• @DevSolar: the hour (and the second) were fixed long before the atomic clock invention: by the Sun and stars motion in the sky. We just found it convenient to fix them DIFFERENTLY. – Alex Nov 10 '16 at 22:44
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This happened gradually and no specific person or date can be stated. Ancients divided day into equal parts and night into equal parts. So day and night hours were unequal. Of course they realized this. To measure time in the ancient world, there were sundials and water clocks. In the Hellenistic times there were sophisticated water clocks showing unequal hours during the day and night. With the invention of mechanical clocks, gradually people started to measure time by mechanical clocks, but this was a slow process. They begin to spread in 14th century, and first ones were tower clocks in the cities. I suppose in the villages, people still used Sun and unequal hours. The standard of clocks was based on the revolutions of Sun (one full revolution=24 hours).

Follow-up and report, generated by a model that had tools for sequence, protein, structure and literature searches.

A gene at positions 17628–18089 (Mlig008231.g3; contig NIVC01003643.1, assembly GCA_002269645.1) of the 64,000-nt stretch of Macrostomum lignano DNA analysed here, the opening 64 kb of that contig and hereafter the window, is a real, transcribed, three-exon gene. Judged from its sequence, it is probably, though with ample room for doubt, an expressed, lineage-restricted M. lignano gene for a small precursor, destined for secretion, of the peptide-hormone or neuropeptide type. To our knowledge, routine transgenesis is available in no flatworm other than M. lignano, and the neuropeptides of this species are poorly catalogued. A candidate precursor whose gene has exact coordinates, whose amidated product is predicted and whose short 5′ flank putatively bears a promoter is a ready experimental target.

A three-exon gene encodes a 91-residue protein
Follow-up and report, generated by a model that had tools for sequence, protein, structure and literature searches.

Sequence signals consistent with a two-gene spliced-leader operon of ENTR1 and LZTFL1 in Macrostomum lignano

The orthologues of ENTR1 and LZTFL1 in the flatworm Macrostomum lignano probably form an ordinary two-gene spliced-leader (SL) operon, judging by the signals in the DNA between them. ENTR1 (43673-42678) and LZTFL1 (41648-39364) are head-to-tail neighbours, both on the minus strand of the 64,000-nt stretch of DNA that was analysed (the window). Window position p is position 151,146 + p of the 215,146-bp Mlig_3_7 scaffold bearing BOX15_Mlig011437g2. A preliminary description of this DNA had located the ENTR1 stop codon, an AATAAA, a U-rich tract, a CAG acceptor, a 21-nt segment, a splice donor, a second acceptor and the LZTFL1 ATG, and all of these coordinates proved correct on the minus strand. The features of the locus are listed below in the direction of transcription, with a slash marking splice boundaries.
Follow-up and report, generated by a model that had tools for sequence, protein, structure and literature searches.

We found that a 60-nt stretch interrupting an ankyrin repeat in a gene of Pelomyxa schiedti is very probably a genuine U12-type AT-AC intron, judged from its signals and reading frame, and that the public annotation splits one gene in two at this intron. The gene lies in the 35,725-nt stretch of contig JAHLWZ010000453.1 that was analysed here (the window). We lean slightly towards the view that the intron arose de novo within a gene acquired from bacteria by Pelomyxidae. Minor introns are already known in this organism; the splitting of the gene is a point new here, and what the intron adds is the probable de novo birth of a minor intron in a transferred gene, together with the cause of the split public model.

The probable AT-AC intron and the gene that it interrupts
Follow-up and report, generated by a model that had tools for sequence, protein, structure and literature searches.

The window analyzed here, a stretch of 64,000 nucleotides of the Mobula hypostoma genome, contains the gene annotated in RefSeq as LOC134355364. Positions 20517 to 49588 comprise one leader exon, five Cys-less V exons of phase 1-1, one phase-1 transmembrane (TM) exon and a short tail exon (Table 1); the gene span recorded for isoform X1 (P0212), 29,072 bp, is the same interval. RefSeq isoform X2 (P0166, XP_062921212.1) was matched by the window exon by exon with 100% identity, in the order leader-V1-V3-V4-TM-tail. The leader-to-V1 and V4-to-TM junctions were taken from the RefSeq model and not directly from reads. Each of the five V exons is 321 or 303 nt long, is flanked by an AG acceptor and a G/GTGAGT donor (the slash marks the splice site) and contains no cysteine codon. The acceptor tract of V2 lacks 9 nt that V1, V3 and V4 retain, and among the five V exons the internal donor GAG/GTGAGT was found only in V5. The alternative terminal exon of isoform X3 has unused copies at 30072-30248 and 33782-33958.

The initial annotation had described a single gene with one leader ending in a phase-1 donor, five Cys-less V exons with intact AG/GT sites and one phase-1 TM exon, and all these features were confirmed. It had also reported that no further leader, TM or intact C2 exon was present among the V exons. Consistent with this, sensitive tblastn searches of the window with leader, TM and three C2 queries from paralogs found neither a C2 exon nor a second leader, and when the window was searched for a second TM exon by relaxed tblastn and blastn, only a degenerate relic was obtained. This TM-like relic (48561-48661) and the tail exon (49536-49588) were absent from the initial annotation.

However, astronomers realized very long ago (in the ancient times) that revolutions of Sun are also not equal: even if you divide day+night (one complete revolution of Sun) into equal parts, these hours will be unequal because of the equation of time (see "equation of time" in Wikipedia). So the time unit should be based on the revolutions of stars, which is more uniform.